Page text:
To-do lists are an inevitable part of most people’s work schedule (if not lives) but some are more arduous than others. Matt Hancock is less than one month into his new role as DCMS Minister and he already has an unenviable list which includes:
- Sort out equal pay at the BBC
- Understand Rupert Murdoch’s business strategy
- Fight toe-to-toe with bookmakers over fixed odds betting terminals
- Attend the World Economic Forum with your boss and ‘get it right’
- Continue to keep a stiff upper lip on English cricket despite the recent Ashes tour
Having come from the role of Digital Minister it might seem that the digital part of his job is fairly low down the ‘to-dos’ but I’d argue there’s a few significant things that need to be put on the list ASAP. Here are 4 things I believe Mr Hancock should look at this side of the new financial year:
- Really Understand What Tech Nation (nee Tech City UK) is there to do
Following the announcement of a further £21m to be invested in Tech City UK and an associated name change, surely the minister must have to clearly articulate to the public what success looks like for this growing organisation. I’m not decrying it existence. it's just that I – and most of the tech sector inside and outside of London – would like to understand its mission.
- Get the 5G Situation Fit for Purpose
The recent call for 5G Trials and Testbeds has opened and closed with a lot of head scratching. The call was there to get some test kit, and associated uses, into the UK to lead the charge for an international 5G playground. However as the bidders – from Bristol to Scotland – asked the question of the major Telcos and tech players: “can we buy some kit” the answer was, with little exception; “no, the UK is not our priority”.
The more positive news, however, was the immediate (within a week of the competition closing) publication of ‘5G Network Deployment: call for views’. This engaged and listening mode is an approach industry will appreciate and one we should see more of.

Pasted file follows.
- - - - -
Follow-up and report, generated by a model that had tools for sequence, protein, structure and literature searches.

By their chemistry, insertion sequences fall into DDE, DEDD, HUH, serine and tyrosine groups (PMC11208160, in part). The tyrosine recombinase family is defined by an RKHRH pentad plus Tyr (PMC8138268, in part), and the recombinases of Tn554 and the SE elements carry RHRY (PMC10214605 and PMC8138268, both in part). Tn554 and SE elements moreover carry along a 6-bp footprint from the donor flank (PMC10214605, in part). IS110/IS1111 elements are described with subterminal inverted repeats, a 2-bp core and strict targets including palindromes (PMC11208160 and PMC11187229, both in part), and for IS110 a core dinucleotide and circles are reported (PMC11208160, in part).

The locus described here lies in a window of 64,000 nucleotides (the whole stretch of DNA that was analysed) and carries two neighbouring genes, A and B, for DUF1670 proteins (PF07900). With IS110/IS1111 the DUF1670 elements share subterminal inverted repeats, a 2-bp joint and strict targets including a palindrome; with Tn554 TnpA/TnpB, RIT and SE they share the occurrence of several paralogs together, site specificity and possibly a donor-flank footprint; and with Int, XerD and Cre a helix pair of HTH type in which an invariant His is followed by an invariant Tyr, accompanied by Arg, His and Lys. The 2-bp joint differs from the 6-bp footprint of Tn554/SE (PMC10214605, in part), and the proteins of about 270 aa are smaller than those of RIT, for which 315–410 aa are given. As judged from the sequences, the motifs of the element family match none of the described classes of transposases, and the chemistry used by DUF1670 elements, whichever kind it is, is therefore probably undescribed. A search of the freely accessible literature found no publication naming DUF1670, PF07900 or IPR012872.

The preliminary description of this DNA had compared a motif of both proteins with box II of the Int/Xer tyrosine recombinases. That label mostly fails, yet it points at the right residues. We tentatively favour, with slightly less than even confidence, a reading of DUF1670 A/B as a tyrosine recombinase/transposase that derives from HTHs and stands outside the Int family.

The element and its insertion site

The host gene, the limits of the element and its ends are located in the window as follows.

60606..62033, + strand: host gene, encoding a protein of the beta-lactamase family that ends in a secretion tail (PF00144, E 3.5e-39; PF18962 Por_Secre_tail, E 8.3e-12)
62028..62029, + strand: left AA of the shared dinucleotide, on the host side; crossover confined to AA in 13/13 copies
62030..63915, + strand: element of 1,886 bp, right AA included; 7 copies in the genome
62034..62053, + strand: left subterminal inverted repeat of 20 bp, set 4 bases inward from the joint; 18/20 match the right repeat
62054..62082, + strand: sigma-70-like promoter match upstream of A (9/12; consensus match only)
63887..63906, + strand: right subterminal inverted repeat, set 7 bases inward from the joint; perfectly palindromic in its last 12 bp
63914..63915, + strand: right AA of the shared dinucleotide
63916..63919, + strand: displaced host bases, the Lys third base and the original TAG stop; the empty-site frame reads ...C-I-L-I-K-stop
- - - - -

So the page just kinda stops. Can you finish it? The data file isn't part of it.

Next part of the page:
- Do Something Fundamentally Different for Digital Skills
The Digital strategy has some good ideas but I don’t think there’s anything in there that sets the UK apart from every other tech-aspirational country. After all, the country that wins the race to inspire and educate more digitally proficient people will win the race to be the next digital superpower. I don’t know the answer – although I have some ideas – but surely something truly different for UK Plc can be designed with the companies we have access to.
- Incentivise Industry 4.0
Much has been written about Industry 4.0 by the UK government, not least in the Industrial Strategy itself, but there are a lot of assumptions about ‘traditional’ industries needing to embrace digital to move forward and thrive. However if you, like I, have spoken to these companies, you'll agree that more is needed to encourage digital adoption.
The mere explanation of looming and inevitable profit decreases (and perhaps death) is not enough to trigger an immediate and positive response. Let’s give the economy a double shot in the arm by releasing some dedicated funds for UK manufacturers to purchase UK digital technology to thrust them right into the middle of Industry 4.0
Eighteen months on, he has taken charge of the department for digital, culture, media and sport, placing him at the forefront of one of the few policy debates other than Brexit to make headlines in the U.K. — how and, indeed whether, to legislate a fast-moving tech industry, while ensuring the sector thrives after Britain leaves the European Union. This week he will be among a small delegation of U.K. Cabinet ministers rubbing shoulders with the world’s elite in Davos.